Although ideally the shock waveform contains useful information about the distance the shockwave has propagated, realistically the shock waveform will often be contaminated by ground reflections and forward scattering and other multi-path propagation, so that it can be difficult to reliably extract distance information solely from shock waveform shape or duration. For trajectory estimation, the system relies primarily upon measuring arrival time of the waveform based on leading edge detection, as the leading edge is not corrupted by multi-path propagation.

These same sensors that detect the shockwave can be used to localize the muzzle blast if the muzzle blast signal at the sensors is sufficiently discernable from the shockwave and if the muzzle blast signal can be assumed to travel a direct line-of-sight between the muzzle and the sensors. The ability to localize the muzzle blast is used in conjunction with the shockwave information to very accurately locate the projectile's origin. However, relying solely on muzzle blast may not be a reliable measure for locating the projectile's origin, as it is possible to silence the blast. Furthermore, the muzzle blast can be attenuated by interfering manmade structures (e.g. buildings) or natural structures (e.g. hills). Therefore, in actual deployment of the system, muzzle blast information is used secondarily to the shockwave information. However, a signal from a controlled muzzle blast can be used to calibrate the system.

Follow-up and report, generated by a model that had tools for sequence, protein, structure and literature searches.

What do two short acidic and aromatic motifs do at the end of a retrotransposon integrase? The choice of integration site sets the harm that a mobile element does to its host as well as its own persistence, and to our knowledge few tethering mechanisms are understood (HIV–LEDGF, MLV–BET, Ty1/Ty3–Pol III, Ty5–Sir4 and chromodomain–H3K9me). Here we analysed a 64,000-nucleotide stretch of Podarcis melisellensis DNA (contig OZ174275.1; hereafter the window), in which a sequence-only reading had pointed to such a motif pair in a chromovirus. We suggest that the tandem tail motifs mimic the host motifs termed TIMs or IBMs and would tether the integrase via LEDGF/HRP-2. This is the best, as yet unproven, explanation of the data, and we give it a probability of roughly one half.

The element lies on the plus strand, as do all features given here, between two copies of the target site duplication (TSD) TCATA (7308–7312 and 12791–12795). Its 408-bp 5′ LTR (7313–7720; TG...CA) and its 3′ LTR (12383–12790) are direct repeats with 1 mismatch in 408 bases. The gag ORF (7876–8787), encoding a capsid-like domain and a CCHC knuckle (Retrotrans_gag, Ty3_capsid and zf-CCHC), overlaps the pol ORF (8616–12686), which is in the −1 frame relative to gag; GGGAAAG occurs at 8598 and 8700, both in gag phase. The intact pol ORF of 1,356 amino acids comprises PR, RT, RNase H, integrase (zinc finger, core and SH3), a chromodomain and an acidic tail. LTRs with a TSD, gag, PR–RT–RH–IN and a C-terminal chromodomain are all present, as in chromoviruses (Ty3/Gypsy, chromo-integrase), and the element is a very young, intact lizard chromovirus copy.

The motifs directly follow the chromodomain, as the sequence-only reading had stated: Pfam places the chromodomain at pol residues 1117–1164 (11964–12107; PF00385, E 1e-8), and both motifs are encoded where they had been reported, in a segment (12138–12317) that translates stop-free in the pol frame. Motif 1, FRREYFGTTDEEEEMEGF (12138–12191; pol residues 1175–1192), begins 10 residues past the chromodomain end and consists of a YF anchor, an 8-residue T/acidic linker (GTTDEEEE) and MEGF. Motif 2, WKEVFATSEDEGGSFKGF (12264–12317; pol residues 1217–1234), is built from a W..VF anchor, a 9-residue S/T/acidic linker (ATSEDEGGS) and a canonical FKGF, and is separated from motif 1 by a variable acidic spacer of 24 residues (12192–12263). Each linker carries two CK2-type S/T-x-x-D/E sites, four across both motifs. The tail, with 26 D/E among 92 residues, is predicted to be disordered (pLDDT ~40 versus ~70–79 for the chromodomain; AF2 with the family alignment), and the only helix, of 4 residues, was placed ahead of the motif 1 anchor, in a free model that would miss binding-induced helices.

An acoustic counter shooter system according to the invention is generally illustrated in FIG. 1. The depicted exemplary embodiment of an acoustic sensor array 10 includes seven sensors 12, 13, 14, 15, 16, 17, 18, for example, omni-directional microphones. Advantageously, the sensors 13 to 18 can be uniformly spaced on a sphere having a diameter of, for example, 1 meter, with sensor 12 located in the center of the sphere, although other sensor configuration are also feasible. The coordinates of the sensors relative to the center of the sphere (Cx0, Cy0, Cz0) are indicated as (Cxj, Cyj, Czj). The signal from the exemplary configuration with seven sensors can provide a substantially spatially uniform sensitivity of the sensor array, regardless of the angle of incidence of the shockwave relative to the coordinate axes of the array, if the response function of the sensor, i.e., the transfer function {output voltage}/{sound pressure}, is identical or at least known and constant for all sensors. It has been found that, in principle, five sensors are sufficient to determine the angle of incidence in space; however, a 5-element sensor array may lack directional uniformity, with certain directions having a high sensitivity and other directions where only a weak signal can be detected.